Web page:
The utter indifference of leading bourgeois politicians and the bourgeois press to the PiS’ unprecedented use of anti-Semitism as a political weapon is not a coincidence or aberration. It is a direct result of the extreme shift to the right of the bourgeoisie and the systematic fostering of fascist forces by capitalist states in recent years. German imperialism, to which the liberal sections of the Polish bourgeoisie around Trzaskowski and the PO are oriented, has been at the center of this development.
Last September, speaking in Warsaw on the 80th anniversary of the outbreak of World War II, Steinmeier maintained complete silence on the Holocaust. This was an obvious overture to far-right forces in Poland and Germany. In 2014, Steinmeier took a photo of himself with Oleh Tyahnybok of the Ukrainian neo-Nazi party Svoboda, which played a critical role in the US- and German-backed coup of that year.
A network of neo-Nazi terrorists has been operating with state funding within the German military, police and secret service (Verfassungsschutz) for years. The professor of Eastern European history, Jörg Baberowski, has not only been allowed to propagate his far-right historical revisionism and Hitler apologetics, he has received the open backing of the German Ministry of Education.
The only political party in Germany opposing these neo-Nazi views and organizations, the Sozialistische Gleichheitspartei (SGP—Socialist Equality Party), has been vilified and subjected to state surveillance.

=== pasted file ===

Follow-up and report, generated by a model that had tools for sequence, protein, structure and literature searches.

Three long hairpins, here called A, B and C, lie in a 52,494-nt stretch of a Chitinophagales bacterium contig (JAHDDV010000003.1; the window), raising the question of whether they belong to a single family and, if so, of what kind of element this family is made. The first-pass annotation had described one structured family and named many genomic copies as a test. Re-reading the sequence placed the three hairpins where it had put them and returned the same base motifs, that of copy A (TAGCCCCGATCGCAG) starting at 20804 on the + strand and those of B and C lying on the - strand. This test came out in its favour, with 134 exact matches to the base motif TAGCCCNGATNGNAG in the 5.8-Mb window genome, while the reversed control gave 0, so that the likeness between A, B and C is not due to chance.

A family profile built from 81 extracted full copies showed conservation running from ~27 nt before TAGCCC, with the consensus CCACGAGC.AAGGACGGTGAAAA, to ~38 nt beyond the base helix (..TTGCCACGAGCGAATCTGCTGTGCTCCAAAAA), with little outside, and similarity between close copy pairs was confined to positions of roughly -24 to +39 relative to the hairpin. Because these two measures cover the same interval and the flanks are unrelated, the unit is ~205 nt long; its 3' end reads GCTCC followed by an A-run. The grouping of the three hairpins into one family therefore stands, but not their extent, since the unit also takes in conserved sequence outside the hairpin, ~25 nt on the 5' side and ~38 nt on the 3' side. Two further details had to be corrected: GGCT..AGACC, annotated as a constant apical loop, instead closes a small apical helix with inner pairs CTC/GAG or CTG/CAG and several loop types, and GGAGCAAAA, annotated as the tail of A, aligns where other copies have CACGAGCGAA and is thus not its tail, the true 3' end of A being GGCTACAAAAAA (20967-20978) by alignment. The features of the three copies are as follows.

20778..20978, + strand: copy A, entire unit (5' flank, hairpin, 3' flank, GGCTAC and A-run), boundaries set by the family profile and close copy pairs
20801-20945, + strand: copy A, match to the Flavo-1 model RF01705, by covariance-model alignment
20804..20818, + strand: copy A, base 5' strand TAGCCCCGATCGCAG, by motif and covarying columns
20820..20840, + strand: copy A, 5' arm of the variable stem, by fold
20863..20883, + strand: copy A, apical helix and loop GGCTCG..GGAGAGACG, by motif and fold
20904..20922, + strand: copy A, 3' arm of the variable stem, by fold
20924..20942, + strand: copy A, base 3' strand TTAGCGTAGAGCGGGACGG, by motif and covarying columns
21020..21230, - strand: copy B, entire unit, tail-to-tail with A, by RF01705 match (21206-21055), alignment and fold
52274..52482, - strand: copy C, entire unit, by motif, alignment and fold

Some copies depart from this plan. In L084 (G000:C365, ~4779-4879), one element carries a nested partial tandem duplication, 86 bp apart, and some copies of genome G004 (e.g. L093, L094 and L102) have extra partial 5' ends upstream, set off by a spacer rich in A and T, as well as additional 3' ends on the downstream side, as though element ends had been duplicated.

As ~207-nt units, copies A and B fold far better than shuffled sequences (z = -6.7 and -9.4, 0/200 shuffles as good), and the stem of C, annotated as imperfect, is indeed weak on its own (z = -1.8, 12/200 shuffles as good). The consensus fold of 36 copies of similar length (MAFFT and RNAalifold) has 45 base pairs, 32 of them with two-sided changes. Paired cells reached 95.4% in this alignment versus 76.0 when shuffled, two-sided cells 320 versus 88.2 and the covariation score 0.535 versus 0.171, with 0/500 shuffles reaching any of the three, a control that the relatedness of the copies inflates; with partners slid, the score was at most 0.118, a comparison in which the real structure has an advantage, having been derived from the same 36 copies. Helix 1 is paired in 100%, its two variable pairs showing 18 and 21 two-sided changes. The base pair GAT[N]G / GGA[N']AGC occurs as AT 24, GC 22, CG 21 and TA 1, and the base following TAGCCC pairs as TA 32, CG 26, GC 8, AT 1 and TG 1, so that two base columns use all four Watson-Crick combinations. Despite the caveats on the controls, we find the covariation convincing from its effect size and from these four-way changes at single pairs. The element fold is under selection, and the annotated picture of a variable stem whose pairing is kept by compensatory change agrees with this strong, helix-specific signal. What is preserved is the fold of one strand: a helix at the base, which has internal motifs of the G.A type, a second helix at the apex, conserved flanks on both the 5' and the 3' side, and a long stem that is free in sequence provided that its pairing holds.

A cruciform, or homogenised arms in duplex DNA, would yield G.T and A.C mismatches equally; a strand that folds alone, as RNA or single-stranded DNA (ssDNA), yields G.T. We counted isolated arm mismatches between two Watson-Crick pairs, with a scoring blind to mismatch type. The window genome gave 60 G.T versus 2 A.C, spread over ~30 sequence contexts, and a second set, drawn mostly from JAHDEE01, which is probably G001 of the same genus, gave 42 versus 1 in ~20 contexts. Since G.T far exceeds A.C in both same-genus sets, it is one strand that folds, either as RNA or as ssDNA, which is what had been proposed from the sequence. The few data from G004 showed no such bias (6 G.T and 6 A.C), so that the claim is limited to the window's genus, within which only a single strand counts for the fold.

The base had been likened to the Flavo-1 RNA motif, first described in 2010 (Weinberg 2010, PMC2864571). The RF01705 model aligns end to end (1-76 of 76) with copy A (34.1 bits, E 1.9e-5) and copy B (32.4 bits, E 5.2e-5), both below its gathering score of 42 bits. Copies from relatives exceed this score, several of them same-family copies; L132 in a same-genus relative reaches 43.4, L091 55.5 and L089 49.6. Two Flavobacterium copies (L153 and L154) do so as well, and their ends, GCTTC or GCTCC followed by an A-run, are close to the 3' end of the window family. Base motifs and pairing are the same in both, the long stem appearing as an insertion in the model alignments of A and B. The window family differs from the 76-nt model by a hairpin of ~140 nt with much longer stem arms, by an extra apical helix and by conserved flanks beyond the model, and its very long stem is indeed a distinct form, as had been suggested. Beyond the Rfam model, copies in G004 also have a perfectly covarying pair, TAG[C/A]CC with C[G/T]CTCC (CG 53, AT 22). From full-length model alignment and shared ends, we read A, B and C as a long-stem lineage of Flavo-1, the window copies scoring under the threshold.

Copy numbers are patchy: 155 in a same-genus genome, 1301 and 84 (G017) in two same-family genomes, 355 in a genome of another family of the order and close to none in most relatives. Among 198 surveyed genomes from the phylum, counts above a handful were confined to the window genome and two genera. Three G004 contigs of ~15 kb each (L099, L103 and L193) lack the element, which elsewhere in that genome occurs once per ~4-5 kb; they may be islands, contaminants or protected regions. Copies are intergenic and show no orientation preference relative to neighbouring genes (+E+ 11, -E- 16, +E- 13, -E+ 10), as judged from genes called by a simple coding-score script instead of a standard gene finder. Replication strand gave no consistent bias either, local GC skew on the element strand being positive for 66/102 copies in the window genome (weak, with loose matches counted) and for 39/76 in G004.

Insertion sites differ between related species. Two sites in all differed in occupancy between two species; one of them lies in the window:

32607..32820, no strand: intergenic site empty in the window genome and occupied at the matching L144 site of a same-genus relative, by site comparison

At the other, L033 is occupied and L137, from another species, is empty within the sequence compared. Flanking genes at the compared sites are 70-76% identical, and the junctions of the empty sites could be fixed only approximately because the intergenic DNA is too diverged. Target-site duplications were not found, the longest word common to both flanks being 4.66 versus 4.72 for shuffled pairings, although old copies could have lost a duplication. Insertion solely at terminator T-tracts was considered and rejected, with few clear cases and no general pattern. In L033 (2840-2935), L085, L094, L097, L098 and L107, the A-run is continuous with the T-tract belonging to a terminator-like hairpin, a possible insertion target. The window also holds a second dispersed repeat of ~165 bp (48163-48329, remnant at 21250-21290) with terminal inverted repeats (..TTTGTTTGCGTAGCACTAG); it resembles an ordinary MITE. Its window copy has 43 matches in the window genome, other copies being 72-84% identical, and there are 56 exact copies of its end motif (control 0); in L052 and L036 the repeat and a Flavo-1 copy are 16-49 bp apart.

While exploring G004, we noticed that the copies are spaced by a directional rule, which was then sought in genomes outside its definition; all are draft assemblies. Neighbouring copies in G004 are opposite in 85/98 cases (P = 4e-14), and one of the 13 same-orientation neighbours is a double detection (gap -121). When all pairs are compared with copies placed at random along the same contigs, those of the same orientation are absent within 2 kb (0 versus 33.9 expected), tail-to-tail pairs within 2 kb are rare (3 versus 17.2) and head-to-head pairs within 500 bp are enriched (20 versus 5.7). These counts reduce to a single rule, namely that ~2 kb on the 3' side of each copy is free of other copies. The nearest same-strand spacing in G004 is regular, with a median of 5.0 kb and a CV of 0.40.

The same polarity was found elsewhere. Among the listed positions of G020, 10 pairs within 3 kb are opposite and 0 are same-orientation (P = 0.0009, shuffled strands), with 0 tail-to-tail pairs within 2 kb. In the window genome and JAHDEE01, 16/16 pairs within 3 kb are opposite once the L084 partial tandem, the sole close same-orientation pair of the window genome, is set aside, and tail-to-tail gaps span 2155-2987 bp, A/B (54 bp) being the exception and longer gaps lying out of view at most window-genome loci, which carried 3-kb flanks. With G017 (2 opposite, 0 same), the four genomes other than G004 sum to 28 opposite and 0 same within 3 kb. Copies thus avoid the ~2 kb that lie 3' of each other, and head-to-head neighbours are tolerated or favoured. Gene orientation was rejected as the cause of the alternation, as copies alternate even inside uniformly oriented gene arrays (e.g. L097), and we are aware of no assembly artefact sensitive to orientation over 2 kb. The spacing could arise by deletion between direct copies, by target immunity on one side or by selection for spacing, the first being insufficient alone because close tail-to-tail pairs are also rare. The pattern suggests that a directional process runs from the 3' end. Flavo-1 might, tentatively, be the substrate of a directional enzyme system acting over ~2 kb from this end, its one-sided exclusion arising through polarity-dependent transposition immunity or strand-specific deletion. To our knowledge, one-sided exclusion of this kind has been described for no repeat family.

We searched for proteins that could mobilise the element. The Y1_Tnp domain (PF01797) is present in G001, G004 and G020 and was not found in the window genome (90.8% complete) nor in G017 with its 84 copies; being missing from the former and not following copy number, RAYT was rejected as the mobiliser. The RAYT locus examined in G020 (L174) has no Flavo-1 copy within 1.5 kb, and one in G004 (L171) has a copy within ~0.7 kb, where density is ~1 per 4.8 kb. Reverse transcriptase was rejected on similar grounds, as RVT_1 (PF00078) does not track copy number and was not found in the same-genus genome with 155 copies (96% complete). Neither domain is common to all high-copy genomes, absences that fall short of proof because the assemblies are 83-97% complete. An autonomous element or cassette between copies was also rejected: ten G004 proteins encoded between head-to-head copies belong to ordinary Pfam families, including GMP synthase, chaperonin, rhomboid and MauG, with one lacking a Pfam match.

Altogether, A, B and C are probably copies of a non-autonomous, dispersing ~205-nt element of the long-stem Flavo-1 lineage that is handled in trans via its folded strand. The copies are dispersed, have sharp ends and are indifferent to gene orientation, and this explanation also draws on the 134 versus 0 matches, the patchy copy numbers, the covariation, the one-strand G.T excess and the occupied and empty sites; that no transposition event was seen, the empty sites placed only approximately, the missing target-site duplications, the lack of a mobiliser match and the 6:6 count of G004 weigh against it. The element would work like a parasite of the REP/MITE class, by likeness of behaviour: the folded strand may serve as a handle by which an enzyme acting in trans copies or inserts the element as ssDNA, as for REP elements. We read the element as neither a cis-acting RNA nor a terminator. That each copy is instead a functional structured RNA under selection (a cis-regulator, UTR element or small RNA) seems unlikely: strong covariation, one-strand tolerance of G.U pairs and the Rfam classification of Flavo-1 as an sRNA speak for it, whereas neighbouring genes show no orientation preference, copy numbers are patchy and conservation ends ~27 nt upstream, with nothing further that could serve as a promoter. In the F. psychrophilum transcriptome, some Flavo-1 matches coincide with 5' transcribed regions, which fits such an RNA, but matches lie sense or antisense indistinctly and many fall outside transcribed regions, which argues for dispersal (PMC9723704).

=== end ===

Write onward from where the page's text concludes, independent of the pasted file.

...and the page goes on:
Underlying the state-led promotion of the fascist tendencies in Europe and internationally is the profound crisis of the world capitalist system, and, above all, the resurgence of the class struggle, processes that have been dramatically accelerated by the coronavirus pandemic. It is in this context that anti-Semitism, which has historically been a key weapon against a unified movement of the working class, is reemerging as a political weapon of the bourgeoisie.
In Poland, the reactionary myth of a “Jewish conspiracy,” and especially the Żydokomuna (Jewish commune), i.e., a Jewish Bolshevik conspiracy, has played an especially sinister role in the offensive of both capitalist and Stalinist governments against the working class.
The alleged link between the threat of socialism and the Jewish population was central to the anti-Semitic violence of the Polish right before and during World War II. After the war, the Stalinist bureaucracy, which played a key role in suppressing major social upheavals by the European working class after World War II, also resorted to anti-Semitic campaigns in Poland whenever there was a major upsurge of the working class, above all in 1968.